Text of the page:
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Missouri police use social media for DWI checkpoints

On Behalf of | May 3, 2013 | Drunk Driving

Many of us have come to rely on Facebook, Twitter and other social media for the most relevant news and updates — both on our friends’ lives and the larger world around us. Whether it’s to stay informed on breaking world news or where our friends are meeting up on Saturday night, social media has become an invaluable tool in our everyday lives.

Law enforcement authorities, it seems, are following suit. Police and sheriff’s departments across Missouri recognize that people use social media to help each other avoid trouble when it comes to drinking and driving, and are using this knowledge to sharpen their drunk driving enforcement strategies — in particular, the DWI sobriety checkpoints.

To understand how this strategy works, first consider how the typical sobriety checkpoint operates: Police choose a busy weekend night, when the largest amount of people are expected to be out traveling to and from bars, restaurants and parties. They station themselves on busy roads and systematically stop cars to check for signs of alcohol impairment in drivers.

A checkpoint that lasts several hours can net a high number of intoxicated drivers — as long as they don’t see the checkpoint coming. But people have begun to use social media to alert others about the location of these checkpoints, which can make them less effective. A sure sign is when passengers of drivers being questioned can be seen on their smartphones, typing away on Facebook or Twitter. When the DWI checkpoint lines begin to dwindle, police know the word has gotten out and it’s time to change locations. Some departments have gone so far as to hold their checkpoints on weeknights, when drivers don’t expect to be pulled over. Setting up camp on less-traveled roads has also proved effective for some officers.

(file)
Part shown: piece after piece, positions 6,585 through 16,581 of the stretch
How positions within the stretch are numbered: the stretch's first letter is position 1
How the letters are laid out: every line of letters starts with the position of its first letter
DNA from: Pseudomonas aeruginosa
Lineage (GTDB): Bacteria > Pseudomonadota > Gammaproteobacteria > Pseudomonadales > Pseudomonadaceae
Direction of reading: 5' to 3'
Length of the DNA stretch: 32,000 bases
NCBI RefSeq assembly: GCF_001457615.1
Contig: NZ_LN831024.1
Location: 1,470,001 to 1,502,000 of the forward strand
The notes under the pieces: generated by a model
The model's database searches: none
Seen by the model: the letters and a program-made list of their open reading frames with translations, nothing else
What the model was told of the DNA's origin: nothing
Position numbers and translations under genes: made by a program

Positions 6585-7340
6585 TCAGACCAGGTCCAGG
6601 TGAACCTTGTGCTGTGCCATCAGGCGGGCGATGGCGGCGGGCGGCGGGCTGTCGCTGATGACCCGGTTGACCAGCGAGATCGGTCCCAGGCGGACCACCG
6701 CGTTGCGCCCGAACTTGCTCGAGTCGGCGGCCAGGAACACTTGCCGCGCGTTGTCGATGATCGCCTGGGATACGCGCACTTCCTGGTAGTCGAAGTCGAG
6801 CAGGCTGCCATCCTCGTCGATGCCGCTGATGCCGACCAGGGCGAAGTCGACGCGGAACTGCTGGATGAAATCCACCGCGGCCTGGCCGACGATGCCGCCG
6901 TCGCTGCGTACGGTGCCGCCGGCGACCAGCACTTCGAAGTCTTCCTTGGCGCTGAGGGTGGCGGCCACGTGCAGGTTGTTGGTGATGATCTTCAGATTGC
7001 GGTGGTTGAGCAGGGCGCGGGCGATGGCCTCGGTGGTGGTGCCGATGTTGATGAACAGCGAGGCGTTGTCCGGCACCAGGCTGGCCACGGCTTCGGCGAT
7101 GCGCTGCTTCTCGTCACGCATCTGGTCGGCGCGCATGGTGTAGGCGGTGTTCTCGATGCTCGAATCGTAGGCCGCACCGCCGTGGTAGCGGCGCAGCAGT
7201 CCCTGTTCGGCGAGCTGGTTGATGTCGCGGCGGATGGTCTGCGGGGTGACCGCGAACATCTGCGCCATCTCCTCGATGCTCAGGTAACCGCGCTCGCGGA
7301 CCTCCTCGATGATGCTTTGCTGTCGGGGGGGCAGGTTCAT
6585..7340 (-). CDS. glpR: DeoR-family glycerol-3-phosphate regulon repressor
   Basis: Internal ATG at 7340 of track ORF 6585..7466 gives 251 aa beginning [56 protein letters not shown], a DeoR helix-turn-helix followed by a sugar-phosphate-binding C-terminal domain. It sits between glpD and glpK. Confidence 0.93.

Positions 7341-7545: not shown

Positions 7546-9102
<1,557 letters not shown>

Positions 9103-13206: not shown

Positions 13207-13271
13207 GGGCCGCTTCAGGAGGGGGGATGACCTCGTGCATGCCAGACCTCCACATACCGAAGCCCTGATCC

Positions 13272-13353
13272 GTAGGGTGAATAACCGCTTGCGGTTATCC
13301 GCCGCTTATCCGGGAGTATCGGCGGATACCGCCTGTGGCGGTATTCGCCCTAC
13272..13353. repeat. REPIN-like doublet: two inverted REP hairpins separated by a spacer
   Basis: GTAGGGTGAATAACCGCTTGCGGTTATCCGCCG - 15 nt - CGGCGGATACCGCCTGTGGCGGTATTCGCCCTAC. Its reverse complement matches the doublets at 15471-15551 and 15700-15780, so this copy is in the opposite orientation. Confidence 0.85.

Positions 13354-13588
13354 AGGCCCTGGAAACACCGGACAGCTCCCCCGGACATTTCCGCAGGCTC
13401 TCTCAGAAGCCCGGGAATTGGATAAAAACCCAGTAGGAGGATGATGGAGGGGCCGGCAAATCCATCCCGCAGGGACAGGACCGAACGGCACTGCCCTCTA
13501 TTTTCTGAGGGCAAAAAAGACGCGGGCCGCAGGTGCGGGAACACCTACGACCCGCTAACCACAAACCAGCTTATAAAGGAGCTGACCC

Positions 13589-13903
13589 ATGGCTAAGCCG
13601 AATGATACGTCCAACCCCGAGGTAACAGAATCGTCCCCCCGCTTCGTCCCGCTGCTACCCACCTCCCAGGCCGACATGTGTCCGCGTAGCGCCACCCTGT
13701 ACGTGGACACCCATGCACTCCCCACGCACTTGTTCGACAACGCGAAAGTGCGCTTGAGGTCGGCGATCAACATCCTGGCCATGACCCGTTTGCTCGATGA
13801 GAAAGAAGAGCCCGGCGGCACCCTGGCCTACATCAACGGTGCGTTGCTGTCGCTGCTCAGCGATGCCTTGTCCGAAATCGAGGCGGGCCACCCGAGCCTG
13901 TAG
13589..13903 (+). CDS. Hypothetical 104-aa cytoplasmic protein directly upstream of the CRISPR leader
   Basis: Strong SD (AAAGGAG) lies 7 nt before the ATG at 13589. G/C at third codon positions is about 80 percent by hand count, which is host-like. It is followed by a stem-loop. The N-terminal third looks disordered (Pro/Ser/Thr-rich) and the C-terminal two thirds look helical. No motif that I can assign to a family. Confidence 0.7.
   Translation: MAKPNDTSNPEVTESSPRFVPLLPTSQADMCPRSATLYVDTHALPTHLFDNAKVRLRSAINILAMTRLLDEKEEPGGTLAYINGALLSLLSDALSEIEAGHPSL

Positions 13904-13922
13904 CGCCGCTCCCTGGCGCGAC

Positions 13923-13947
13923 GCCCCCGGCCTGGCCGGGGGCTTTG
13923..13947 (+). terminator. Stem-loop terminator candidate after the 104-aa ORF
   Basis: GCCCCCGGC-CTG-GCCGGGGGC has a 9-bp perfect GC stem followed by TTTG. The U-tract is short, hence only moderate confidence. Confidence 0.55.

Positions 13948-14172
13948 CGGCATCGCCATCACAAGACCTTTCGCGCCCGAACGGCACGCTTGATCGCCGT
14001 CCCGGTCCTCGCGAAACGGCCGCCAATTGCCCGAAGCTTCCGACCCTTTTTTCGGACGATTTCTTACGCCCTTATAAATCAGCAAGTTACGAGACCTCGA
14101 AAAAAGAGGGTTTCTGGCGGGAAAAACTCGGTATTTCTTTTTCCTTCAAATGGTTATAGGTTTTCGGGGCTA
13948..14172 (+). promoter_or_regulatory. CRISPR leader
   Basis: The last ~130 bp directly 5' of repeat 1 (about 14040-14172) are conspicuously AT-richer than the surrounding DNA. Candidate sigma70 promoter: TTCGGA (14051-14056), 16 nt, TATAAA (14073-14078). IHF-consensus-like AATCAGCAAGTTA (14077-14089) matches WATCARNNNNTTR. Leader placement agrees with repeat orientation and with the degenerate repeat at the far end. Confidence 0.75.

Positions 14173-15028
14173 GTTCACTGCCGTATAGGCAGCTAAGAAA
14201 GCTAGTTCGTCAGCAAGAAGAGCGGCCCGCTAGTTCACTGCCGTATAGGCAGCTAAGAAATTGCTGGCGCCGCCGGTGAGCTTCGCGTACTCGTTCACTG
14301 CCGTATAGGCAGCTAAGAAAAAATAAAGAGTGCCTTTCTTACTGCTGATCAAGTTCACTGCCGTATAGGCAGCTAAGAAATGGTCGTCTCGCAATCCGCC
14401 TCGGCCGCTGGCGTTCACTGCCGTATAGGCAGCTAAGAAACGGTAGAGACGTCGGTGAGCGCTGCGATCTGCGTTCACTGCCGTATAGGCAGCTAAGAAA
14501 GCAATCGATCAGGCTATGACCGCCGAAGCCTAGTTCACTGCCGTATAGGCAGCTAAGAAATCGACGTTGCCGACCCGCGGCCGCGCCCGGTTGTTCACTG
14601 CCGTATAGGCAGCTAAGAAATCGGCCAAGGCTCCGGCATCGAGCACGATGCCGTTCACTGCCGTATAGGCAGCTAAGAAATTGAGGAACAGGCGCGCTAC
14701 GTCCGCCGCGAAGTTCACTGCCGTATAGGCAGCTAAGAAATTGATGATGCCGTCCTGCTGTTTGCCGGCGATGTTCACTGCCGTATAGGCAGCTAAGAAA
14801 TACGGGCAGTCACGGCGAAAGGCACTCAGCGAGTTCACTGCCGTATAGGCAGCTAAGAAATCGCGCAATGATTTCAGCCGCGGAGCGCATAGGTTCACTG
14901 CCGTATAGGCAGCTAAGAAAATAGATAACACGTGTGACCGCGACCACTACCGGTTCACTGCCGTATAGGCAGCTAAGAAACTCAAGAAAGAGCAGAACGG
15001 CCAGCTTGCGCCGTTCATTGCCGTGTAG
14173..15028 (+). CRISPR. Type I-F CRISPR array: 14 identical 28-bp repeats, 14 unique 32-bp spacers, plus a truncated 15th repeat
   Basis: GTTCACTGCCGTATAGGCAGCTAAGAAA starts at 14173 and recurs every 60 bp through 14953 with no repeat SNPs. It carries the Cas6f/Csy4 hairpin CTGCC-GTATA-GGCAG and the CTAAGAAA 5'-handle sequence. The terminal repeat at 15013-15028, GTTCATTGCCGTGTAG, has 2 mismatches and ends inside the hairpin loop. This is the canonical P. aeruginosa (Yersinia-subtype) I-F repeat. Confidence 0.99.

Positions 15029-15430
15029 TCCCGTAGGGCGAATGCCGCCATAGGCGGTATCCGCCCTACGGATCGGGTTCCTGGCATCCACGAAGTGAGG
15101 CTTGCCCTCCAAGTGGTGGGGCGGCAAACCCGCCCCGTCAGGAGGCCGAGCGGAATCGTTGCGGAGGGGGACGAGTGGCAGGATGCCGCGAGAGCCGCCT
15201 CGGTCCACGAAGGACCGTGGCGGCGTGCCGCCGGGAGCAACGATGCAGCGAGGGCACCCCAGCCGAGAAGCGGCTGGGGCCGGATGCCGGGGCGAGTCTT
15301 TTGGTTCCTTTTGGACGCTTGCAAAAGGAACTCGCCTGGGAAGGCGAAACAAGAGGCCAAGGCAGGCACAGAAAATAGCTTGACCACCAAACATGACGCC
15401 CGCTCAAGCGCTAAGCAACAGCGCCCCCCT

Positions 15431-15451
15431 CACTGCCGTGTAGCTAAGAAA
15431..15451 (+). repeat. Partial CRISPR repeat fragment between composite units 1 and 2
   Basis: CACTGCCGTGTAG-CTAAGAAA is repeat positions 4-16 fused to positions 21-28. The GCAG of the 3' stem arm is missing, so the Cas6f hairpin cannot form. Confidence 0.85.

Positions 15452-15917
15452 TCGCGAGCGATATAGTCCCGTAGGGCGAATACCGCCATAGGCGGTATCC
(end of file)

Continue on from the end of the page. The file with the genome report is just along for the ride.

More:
Still, police recognize that no matter how they change their checkpoint strategies, word travels fast. People will likely continue to tell their friends where police are conducting DWI enforcement, and will continue to use social media themselves to develop new ways to stop drunk drivers. Even on a sleepy Tuesday night, it pays to stay informed.

Source: CBS St. Louis, “Social Media Alters Strategy on DUI Enforcement,” April 13, 2013


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Travis Noble is a graduate of the National College for DUI Defense at Harvard University, and he lectures at seminars nationwide on DWI/DUI topics. He is the lawyer whom other lawyers consult to defend their DWI clients. Most importantly, he has a track record of successfully defending some of the toughest DWI cases in Missouri and beyond.

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